If you know how to create and prioritize rules, the rebalancing capabilities in Croesus can help with asset location and some tax sensitivity. However, many RIAs have no experience creating these types of rules. One hopes Croesus can provide default rules and eventually full rebalancing capabilities.

The portfolio module is powerful. You can drag a client or a household from the appropriate list onto the portfolio icon, and a view will display all positions in the upper window. Below that, summary statistics are displayed, as well as an asset allocation chart. Click on an individual holding, and a screen will provide you with just about any information you desire related to it.

The reporting module contains a nice selection of preformatted reports. Advisers can combine these reports into packages and assign them at the account, client or relationship level to one or many clients.

The billing module should meet the needs of most advisers. You can bill monthly, quarterly, semiannually or annually, in advance or in arrears. Users can set their own rolling periods. You can bill by tier or total value range. You can generate net and gross return reports, and you can add in special fees to the calculations, along with explanatory notes.

The documents section offers unlimited storage, but you are limited to three file types: PDF files, MS Word documents and email. When you create a performance report for a client, it will be archived in the document storage. It can also be pushed to the client portal for fast, secure delivery.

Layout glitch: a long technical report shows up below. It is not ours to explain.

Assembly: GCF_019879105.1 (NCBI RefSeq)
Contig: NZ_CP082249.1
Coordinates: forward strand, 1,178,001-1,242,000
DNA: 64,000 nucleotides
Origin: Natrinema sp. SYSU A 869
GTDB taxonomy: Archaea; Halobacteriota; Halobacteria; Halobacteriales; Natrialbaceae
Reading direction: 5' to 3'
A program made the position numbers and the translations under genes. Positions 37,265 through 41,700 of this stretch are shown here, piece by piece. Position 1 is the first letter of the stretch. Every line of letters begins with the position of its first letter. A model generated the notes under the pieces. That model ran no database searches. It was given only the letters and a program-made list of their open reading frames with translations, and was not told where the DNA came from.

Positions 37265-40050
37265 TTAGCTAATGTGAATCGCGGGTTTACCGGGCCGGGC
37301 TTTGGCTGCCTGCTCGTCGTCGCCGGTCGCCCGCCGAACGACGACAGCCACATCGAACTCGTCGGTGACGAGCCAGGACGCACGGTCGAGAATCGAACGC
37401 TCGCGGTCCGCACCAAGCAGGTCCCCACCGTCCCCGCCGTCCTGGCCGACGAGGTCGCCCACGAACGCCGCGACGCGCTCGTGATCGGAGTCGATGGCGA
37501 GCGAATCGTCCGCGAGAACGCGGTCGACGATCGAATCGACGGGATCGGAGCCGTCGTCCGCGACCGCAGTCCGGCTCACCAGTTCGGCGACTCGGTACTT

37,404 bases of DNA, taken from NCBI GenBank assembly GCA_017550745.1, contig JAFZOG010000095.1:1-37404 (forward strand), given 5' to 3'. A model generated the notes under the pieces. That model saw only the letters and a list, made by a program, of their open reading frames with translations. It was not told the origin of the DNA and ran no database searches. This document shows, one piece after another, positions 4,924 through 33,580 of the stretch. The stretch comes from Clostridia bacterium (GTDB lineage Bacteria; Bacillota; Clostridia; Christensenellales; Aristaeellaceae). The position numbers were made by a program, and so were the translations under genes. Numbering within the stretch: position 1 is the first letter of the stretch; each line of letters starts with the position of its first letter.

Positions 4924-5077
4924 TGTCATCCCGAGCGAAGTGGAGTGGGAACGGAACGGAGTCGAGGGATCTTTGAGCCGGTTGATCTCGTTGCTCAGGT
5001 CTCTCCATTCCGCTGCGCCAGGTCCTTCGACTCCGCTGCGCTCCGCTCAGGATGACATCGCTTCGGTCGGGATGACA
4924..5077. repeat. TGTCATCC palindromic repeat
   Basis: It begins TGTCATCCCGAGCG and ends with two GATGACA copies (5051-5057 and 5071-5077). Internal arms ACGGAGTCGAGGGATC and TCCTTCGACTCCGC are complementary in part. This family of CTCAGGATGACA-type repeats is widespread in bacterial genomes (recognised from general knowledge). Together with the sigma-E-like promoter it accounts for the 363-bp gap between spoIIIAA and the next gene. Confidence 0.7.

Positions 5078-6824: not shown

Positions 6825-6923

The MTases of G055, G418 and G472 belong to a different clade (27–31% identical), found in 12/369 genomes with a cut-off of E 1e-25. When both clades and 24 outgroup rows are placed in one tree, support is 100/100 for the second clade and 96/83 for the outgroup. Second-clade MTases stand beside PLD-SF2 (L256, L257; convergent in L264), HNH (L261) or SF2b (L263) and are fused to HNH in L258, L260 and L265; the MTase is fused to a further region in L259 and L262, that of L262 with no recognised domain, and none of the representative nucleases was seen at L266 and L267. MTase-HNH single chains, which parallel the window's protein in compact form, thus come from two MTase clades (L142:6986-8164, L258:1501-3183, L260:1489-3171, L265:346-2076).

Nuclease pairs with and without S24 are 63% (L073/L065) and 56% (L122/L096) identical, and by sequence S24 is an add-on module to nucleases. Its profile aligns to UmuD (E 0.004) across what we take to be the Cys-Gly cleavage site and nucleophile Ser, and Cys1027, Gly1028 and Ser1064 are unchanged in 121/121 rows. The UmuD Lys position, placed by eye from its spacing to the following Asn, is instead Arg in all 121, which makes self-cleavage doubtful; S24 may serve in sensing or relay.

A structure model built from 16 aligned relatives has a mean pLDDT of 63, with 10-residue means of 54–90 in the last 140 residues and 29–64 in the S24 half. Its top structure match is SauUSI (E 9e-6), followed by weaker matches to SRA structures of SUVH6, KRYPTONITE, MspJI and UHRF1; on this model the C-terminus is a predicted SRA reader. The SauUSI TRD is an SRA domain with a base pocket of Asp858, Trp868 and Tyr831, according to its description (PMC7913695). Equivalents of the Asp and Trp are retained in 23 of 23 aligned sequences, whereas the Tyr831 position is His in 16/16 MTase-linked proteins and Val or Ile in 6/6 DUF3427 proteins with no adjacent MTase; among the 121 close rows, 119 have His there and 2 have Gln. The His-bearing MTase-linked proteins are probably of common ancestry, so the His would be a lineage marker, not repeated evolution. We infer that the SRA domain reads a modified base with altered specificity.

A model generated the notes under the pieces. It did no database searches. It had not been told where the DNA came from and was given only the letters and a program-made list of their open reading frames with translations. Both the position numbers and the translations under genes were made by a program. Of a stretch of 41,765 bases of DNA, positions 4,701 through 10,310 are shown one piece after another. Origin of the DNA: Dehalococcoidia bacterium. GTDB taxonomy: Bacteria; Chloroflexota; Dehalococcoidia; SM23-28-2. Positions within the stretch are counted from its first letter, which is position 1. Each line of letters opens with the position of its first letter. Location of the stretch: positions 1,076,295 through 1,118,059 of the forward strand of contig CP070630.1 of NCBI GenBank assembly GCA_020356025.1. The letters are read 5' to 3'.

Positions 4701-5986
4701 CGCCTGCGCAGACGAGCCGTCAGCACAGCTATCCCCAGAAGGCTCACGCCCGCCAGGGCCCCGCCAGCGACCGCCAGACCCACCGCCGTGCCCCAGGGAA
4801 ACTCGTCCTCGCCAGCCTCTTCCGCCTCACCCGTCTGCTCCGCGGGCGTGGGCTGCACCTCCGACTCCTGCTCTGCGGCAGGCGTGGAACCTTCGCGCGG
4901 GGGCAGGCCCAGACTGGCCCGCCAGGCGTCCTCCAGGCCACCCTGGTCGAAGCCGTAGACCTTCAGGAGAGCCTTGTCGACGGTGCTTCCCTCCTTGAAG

There are some other noteworthy features. The platform is multicurrency. Index pricing is supplied by IDC with your Croesus subscription. You can use individual indices or blended ones.

The current Croesus Mobile Advisor app is available for the iPad and you can use it to share information with the client’s Croesus mobile investor app. For compliance purposes, all communications are saved. You can also use the app to log on as a client so you can see exactly what they see.

The Croesus Mobile Investor app, now in beta, provides clients with performance, projected income, asset allocation, transactions, reports and more. For security, displayed data is not stored on the client’s device. It, too, will initially be for iOS, but Android versions of both apps are expected before year-end.

Platforms of this nature are complicated, so we have only scratched the surface of what Croesus Advisor can do. Although there is a lot of functionality to master, the new, improved Croesus interface has lowered the learning curve, and context-sensitive help throughout the application aids novices in mastering the basics.